Previously [12], we found that a rat mammary carcinoma line with stem cell features (LA7) was highly sensitive to tranilast. Furthermore, tranilast inhibited EMT [12], which has been linked to the CSC phenotype [23], [24]. Mammosphere culture has been shown to enrich for tumorigenic breast cancer cells [25]. Here, we show that when tranilast was added to mammospheres that were already formed, generated from mitoxantrone-selected MDA-MB-231 (human) or 4T1 (mouse) cells, the spheres dissociated within 48 h (Fig. 4A). Tranilast also dissociated mammospheres produced by other breast cancer cell lines including BT474, SUM149 and SUM159 (Fig. 4B). Dissociation of the tranilast-treated spheres was associated with increased cell death, but ≥50% of cells were still alive after dissociation (trypan blue dye exclusion assay; not shown), suggesting that it was not due to cell death alone. The dissolution of existing spheres is an important finding, because it suggests that the anti-mammosphere effect of tranilast is not solely due to an inhibition of proliferation.

Figure 4
Dissociation of mammospheres after treatment with tranilast.

Mitoxantrone-selected cells formed mammospheres at a higher frequency (Fig. 5) than unselected cells (Fig. 2D). Tranilast inhibited formation of mammospheres from mitoxantrone-selected MDA-MB-231 cells when it was added at the start of cultures (Fig. 5A,B). Inhibition occurred at tranilast concentrations ≥100 µM, and at 400 µM no mammospheres were seen. Tranilast reduced cell survival in these cultures, but even at the highest concentration (400 µM) almost 50% of cells survived after 7 d in culture (Fig. S1B). Note that at concentrations that can be achieved pharmacologically (100–200 µM) some spheres still formed (although they were smaller), suggesting survival of sphere-forming cells.

Figure 5
Tranilast inhibits mammosphere formation by mitoxantrone-selected MDA-MB-231 cells.

We compared the effects of tranilast with paclitaxel and etoposide at various concentrations. In Fig. 5A,B, the results obtained with the highest concentrations of either paclitaxel (60 µM) or etoposide (40 µM) tested are shown. Lower concentrations were less effective (not shown). As seen in Fig. 5A, pharmacological concentrations of tranilast (100–200 µM) were more effective than these drugs at reducing the number of mammospheres.

Tranilast is an AHR agonist

As mentioned above, D-CSCs express high levels of AHR. Since Kerkvliet and colleagues suggested that tranilast is an AHR agonist [16], we hypothesized that the AHR is a major drug target in our experiments. To address this, we first confirmed that tranilast is indeed an AHR agonist. These agonists are strong inducers of the CYP1A1 enzyme [15], and we found that tranilast increases CYP1A1 expression in breast cancer cells (Fig. 6A) by EROD enzymatic assay [26] in vitro. Higher concentrations of tranilast were required for induction (Fig. 6A) as compared to 3-methylcholanthrene (3-MC), which is a classic high affinity AHR agonist [27]. Nevertheless, maximal enzyme induction was higher in the tranilast cultures, and we speculate this occurred because tranilast is less toxic than 3-MC. The level of CYP1A1 expression observed with many agonists reaches a peak and then declines at higher concentration. This might be related to toxicity or other mechanisms. CYP1A1 induction was higher in ALDHhi-sorted cells derived from the untreated parental cell line (Fig. 6B), consistent with a higher expression of the AHR by these cells as determined by flow cytometry (data not shown).

Figure 6
Tranilast is an AHR agonist.

In vivo, tranilast significantly increased CYP1A1 expression in the liver (Fig. 6C), and induced translocation of the AHR to the nucleus as analyzed by confocal microscopy (Fig. 6D). This demonstrates that sufficient drug concentrations are achieved in vivo by our therapy to activate the AHR. Finally, we performed binding studies and showed that tranilast competes with 3-MC for binding to the AHR (Fig. 6E). These in vitro and in vivo findings are all consistent with AHR agonist activity. The affinity of tranilast for the AHR (Ki = 44 µM; calculated with the Cheng-Prussof equation) is considerably lower than 3-MC (Ki = 0.035 µM) but, nevertheless, it activates the AHR at concentrations (50–200 µM) that are achieved in the circulation of patients treated with tranilast (see Discussion).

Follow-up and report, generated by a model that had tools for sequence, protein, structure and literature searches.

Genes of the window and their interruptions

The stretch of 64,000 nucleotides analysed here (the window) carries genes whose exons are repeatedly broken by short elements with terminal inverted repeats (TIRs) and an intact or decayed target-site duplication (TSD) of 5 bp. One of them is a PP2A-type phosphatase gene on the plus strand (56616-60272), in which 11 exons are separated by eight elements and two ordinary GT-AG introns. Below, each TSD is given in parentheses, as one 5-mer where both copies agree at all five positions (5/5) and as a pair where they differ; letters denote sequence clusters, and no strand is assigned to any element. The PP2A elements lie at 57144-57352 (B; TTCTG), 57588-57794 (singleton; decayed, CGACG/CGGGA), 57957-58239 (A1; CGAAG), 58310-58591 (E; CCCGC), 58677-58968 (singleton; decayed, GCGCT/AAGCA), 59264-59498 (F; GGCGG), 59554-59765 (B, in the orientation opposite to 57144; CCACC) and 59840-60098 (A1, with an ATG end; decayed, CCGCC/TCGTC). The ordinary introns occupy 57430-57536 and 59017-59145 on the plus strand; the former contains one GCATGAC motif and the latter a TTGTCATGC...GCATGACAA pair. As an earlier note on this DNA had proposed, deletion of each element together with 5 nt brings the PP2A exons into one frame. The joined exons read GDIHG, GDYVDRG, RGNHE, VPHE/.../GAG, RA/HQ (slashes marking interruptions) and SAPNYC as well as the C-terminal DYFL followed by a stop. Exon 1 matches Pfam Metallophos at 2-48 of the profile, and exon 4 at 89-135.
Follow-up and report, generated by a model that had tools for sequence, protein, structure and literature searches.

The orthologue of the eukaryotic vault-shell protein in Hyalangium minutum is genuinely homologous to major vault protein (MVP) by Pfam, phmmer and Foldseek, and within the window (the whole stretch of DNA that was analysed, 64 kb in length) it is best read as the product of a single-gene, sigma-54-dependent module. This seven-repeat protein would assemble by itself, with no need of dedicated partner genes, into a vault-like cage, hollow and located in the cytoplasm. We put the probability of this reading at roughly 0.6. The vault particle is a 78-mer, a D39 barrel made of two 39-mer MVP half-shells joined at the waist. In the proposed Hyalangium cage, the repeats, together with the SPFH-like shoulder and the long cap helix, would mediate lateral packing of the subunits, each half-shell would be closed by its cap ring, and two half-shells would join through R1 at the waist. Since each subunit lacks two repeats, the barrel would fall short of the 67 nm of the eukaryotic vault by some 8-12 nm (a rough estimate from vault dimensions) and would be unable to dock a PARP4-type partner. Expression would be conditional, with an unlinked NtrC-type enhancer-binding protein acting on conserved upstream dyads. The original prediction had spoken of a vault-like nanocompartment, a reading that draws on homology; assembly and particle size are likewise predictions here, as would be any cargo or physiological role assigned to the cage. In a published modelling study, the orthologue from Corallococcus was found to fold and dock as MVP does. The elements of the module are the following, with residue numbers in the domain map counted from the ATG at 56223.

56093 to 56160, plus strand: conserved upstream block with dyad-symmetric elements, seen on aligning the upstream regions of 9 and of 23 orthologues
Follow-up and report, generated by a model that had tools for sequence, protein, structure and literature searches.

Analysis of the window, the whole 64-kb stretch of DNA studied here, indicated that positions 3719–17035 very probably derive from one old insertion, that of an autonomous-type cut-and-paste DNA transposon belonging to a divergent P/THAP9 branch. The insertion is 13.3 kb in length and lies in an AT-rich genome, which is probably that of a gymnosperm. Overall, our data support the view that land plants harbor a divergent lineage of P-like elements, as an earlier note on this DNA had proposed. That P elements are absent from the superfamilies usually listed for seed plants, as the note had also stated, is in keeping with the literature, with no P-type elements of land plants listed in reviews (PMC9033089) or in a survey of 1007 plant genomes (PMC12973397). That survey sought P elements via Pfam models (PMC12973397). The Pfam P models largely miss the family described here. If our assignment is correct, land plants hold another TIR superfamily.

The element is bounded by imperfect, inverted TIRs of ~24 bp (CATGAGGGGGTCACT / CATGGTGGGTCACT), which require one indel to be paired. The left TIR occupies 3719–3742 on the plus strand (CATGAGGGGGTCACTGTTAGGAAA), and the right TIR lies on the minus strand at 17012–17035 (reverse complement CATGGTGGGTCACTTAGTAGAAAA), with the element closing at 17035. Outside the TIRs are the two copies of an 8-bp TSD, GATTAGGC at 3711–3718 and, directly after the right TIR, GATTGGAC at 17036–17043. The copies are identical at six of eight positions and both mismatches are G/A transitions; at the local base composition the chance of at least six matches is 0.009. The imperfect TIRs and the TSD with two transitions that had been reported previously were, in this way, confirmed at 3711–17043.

The AHR is the target of tranilast in cell proliferation assays

We analyzed whether blockade of AHR signaling affected tranilast activity in our assays. The addition of an AHR antagonist to cultures, α-naphthoflavone (aNF) [15], [17], or knockdown of the AHR with siRNA, completely reversed the activity of tranilast against cell proliferation of the MDA-MB-231, BT474 and 4T1 cell lines (Fig. 7A–C). The high efficiency of the knockdown was confirmed by the loss of CYP1A1 induction by EROD assay (Fig. 7D) and loss of AHR expression by flow cytometric analysis (Fig. 7E).

Figure 7
Tranilast's anti-proliferative effect is mediated through AHR stimulation.

Tranilast disrupts the interaction of AHR with CDK4

Here, we found that tranilast moderately increases the expression of the AHR in MDA-MB-231 breast cancer cells (Fig. 7F,i). Furthermore, we observed in coprecipitation assays that AHR coprecipitates with CDK4, and this interaction is disrupted by tranilast (Fig. 7F, ii, iii). It is notable that although tranilast moderately increased the amount of AHR, the amount of AHR coprecipitated with CDK4 was decreased in these cells. This supports the conclusion that tranilast inhibits the binding of AHR and CDK4. Barhoover et al. [28] reported that in the absence of an external ligand the AHR interacts with CDK4, and this promotes the phosphorylation of RB, allowing the cell cycle to proceed. However, in the presence of an external AHR ligand (TCDD) the association of AHR with CDK4 was blocked, resulting in much reduced RB phosphorylation and cell cycle arrest. Our results suggest that tranilast is acting similarly to TCDD by preventing the association of AHT and CDK4, which might explain reduced RB phosphorylation (as in Fig. 2D), but further studies are required to confirm this.